April 3, 2019
This week’s recipe presents a cake which simply cannot disappoint. While we advise you to pay attention to some details, especially the baking part, the reward comes in the mousse-like cheese flavoured texture which combines nicely with the various berry fruits that are currently entering our local markets.
The cake recipe is loosely based on so-called Japanese cheesecake, also known as cotton cake, although our recipe calls for using a bit more cream cheese. Consequently, our version of the cake has less elasticity and will almost certainly crack at the top, which is nothing to worry about unless you want to create a Hello Kitty out of powdered sugar on it.
As already suggested, the cake itself is just as delicious if eaten without any filling, which is great if you’re worried you might not have enough time to follow the whole recipe presented here.
Ingredients (cotton cheesecake; for a 17cm cake pan, about 6-7 cm high)
The amount of ingredients listed above is quite small even for the small cake pan we’ve got. If your cake pan is significantly bigger we suggest you double the ingredients. If we were baking this cotton cheesecake without planning to put any cream inside and over it, then we’d probably increase the amount of ingredients by 1/3.
The first thing before you do anything else is to turn the oven to 175 degrees Celsius. Set the rack at its lowest point so that the paper sticking out of the cake pan will not touch the ceiling of the oven. Also get the big pan and the hot water ready, or even better, place in into the oven so that when your cake is to be baked you will just place it into the hot water that’s already inside. To get the idea, here’s a picture of our cake just before we took it out of the oven.
It is very important that the oven is fully heated and the temperature doesn’t drop much once you open the door and place you cake inside. The fluffiness of this cake is due to the egg not based on flour and baking powder, and thus it is sensitive to inconsistencies in temperature (a little like a soufflé).
The second important thing is that we’d like to keep our cake moist, not dry, which is why we’ll place it in the water - so that the bottom bakes slowly and doesn’t burn - and leave the sides of baking paper high - so that it doesn’t burn and dry out at the top. Baking paper will also prevent the cake from sticking to the bottom and the sides, and will also help it retain the shape while it cools down.
Before we start mixing the ingredients, draw around the bottom of the cake pan on the baking paper, cut it out and place it on the bottom of the pan. Press it into the corners to form a 0.5-1 cm high edge at the side.
Then cut a long enough wide strip and place it outside-straight-side down into the pan and fix together at the top with a paper clip. Make sure it is wide enough so once you pour the cake mix in it will fit the width of the tray.
Then move to the cake mix: separate egg whites from egg yolks. Make sure no yolk escapes into the egg whites as then you won’t be able to beat them firmly. First beat the egg whites and when they start forming peaks, but are not completely hard yet, start adding castor sugar. The egg whites are beaten when they stay inside if the bowl is turned upside down.
Beat the egg yolks and one by one mix in the sugar, lemon jest with juice, corn starch (stir in before mixing, or it’ll be blown all over your kitchen) and cream cheese. Put your mixer aside and take a big spoon, preferably a wooden one. Slowly stir in 1/3 of the egg whites and when they are more or less evenly spread throughout the mixture add the rest. Adding the egg whites in two rounds will allow your mixture to retain the maximum amount of air, which is what will make your cake fluffy.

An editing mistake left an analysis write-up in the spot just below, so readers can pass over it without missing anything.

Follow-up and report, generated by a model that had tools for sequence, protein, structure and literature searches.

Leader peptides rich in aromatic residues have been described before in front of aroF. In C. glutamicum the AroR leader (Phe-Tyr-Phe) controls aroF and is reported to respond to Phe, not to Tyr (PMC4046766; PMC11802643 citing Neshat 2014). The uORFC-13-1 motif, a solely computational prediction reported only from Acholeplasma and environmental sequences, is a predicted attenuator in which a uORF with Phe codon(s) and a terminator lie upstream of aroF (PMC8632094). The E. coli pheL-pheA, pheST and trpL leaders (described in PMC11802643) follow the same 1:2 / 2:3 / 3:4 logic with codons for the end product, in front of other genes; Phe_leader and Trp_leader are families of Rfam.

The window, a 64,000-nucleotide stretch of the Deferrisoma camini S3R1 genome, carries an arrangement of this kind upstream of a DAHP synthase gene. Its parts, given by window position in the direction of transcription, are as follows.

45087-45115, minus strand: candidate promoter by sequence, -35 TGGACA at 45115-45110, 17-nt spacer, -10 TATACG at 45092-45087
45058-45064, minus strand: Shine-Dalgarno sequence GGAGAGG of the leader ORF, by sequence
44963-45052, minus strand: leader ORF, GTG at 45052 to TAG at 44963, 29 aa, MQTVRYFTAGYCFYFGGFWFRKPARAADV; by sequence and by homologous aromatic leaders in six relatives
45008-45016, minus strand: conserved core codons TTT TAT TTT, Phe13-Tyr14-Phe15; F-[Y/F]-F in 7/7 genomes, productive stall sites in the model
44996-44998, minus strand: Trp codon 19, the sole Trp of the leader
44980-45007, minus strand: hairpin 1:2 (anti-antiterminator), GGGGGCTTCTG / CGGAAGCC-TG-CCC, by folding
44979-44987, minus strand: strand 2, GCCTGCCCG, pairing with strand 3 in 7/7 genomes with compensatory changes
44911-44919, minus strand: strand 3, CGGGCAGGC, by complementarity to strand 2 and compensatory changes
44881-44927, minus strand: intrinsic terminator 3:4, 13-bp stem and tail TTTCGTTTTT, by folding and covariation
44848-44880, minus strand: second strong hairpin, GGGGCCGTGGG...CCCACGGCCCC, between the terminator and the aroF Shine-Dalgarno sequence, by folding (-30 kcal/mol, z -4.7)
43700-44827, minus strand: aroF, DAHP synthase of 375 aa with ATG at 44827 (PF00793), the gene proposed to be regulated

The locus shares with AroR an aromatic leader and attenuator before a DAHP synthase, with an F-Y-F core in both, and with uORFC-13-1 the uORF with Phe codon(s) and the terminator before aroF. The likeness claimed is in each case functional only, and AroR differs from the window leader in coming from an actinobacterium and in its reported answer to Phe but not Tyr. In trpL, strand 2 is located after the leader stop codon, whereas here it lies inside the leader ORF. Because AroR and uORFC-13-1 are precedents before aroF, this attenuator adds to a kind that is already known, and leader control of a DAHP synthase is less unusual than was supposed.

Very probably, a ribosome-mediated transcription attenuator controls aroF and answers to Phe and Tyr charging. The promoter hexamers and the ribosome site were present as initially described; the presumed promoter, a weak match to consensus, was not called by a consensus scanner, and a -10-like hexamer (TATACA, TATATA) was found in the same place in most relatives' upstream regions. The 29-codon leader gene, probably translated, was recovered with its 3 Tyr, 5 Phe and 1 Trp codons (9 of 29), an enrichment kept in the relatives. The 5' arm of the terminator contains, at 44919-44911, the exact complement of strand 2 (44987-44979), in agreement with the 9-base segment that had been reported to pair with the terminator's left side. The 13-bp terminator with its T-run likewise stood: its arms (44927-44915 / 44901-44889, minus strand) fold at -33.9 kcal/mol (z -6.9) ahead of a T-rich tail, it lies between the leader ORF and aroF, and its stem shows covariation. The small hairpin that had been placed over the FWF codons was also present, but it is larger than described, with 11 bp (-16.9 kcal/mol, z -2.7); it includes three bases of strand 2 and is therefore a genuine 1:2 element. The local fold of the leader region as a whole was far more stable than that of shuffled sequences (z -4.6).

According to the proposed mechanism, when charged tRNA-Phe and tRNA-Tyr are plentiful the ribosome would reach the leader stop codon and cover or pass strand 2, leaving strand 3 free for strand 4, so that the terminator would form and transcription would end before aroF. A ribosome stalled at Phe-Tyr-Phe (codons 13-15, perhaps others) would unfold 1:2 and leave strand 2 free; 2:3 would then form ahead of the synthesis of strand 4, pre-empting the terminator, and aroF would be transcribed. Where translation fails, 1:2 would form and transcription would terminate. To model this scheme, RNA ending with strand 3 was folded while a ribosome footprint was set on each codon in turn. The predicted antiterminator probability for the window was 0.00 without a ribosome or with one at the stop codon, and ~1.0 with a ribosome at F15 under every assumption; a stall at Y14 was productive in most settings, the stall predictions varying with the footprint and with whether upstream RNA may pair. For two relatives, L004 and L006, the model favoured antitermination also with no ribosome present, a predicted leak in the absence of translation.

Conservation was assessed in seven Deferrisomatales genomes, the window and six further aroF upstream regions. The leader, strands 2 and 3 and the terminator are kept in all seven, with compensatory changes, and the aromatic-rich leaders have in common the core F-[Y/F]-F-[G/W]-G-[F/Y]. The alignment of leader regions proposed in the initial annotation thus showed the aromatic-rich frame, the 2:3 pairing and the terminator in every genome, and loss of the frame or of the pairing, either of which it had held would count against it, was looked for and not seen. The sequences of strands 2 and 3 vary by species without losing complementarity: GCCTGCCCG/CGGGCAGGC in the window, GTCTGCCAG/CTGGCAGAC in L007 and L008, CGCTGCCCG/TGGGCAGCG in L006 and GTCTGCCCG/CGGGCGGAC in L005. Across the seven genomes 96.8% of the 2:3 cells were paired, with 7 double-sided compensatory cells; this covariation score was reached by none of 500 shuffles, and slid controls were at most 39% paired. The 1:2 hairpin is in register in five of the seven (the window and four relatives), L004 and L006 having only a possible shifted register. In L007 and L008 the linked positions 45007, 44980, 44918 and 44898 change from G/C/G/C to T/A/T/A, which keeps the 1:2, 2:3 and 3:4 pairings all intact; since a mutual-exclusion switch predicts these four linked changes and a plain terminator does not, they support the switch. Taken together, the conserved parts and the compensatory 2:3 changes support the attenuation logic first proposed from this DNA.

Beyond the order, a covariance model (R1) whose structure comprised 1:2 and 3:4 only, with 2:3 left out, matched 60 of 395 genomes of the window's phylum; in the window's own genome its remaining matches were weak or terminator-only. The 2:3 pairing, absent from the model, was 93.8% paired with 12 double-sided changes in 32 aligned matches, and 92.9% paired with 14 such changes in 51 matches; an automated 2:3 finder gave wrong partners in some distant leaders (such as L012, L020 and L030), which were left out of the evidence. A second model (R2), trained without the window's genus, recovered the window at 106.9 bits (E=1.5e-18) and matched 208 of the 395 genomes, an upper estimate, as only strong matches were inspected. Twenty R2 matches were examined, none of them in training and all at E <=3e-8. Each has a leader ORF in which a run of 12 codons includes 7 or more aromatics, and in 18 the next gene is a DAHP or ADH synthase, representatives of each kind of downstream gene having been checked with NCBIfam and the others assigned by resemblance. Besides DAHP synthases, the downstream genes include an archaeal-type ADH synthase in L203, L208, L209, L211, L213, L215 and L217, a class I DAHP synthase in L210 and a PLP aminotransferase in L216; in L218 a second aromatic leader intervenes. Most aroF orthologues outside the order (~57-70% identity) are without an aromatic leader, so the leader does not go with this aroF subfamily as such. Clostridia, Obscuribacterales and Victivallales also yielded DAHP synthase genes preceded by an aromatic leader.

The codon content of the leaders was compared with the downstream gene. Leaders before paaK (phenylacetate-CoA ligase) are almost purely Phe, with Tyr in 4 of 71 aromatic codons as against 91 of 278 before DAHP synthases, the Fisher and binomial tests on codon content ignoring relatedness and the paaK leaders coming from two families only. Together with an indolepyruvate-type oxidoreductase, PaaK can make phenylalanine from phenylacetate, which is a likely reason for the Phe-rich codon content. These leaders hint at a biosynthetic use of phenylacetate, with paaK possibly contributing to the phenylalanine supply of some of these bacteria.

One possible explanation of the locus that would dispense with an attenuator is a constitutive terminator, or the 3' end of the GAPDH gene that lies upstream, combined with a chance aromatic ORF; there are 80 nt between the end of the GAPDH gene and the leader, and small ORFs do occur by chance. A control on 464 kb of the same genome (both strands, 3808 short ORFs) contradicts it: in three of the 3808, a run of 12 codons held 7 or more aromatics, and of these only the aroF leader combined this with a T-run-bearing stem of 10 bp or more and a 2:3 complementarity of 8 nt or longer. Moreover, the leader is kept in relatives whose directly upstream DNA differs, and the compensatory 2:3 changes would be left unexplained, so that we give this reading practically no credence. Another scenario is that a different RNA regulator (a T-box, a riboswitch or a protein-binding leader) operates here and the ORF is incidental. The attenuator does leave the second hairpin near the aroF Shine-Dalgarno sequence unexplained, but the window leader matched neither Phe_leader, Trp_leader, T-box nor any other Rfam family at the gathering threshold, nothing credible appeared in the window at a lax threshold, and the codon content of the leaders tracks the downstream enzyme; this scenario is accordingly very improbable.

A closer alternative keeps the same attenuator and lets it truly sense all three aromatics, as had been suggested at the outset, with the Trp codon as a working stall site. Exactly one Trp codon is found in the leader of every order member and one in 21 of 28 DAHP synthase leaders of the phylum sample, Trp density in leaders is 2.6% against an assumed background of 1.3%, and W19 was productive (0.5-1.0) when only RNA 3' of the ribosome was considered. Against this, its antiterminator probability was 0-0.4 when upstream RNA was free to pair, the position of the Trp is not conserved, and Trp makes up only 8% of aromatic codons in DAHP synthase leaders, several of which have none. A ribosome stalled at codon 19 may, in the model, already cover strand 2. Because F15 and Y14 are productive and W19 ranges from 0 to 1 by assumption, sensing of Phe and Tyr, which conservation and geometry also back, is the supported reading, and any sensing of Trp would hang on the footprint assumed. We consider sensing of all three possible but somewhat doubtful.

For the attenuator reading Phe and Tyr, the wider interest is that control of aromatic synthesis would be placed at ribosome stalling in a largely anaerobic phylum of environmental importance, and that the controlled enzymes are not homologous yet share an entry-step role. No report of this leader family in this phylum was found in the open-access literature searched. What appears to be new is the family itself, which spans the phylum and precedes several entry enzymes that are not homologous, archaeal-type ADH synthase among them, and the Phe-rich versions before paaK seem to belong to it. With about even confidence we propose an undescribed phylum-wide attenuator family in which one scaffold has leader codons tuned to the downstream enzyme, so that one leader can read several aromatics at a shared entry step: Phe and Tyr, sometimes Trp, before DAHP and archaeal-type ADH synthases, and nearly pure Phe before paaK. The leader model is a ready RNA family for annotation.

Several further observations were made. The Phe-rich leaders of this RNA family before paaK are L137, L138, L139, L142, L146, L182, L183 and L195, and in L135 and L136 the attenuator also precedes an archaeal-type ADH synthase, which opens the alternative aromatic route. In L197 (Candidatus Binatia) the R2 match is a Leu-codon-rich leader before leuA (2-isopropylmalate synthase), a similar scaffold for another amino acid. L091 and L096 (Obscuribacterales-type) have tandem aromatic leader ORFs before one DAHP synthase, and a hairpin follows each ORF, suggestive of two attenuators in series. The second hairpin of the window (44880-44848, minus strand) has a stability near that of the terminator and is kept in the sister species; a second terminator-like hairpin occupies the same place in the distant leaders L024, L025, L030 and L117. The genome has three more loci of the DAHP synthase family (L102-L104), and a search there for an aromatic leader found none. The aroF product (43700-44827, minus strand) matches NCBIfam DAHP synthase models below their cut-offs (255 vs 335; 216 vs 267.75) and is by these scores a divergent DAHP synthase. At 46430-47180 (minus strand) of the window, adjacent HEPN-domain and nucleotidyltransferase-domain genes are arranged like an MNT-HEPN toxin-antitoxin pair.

Pour the mixture into the baking pan, open the door of the preheated oven and place it into the pan of hot water. Close the door and do not open it until the cake is done. Bake for the first 20 minutes at 175 degrees Celsius, then another 15-20 minutes at 150 degrees. After 35-40 minutes turn the oven off, and let the cake rest inside for another 10 minutes. Then take it out of the water and let it rest outside until cool enough that you can release it from the cake pan. Leave it wrapped in paper till more or less cool.
Once cooled, turn it around carefully and remove the bottom paper first, then place it on your final cake plate, and remove the surrounding side paper as well. Cut it in the middle and put the upper part to one side.
Here you can get into a bit of a trouble if the cracked top starts falling into pieces. If it doesn’t now, it might when you’ll be placing it back to the top of the cake. Don’t panic, the cream will keep it together, just make sure you don’t break it too much.
Now the filling.
Although we could just use all of the ingredients to make one kind of covering, we did not for the following reason: fruits such as pineapple, mango, papaya and kiwi contain a gelatine-melting enzyme. We were not planning to put any of those inside the cake, but wanted them at least for the decoration. Which is why the cake had to be covered with another layer of fresh cream.
So we beat the fresh cream first, add half the sugar then beat some more until done. Separately mix lemon juice and zest into the fresh cream and add gelatine. Stir for about a minute, then add the rest of the sugar, take a spoon and gently stir in half of the beaten fresh cream.
Spread some of the cream over the bottom layer of the cake, cover it with a layer of fruit – press it in a little and put another layer of cream at the top. Put the second layer of the cake on the top of that and cover the top and sides of the cake with the remaining cream. Then spread the remaining fresh cream on the top of that, decorate with fruit and place into the fridge for 2-3 hours.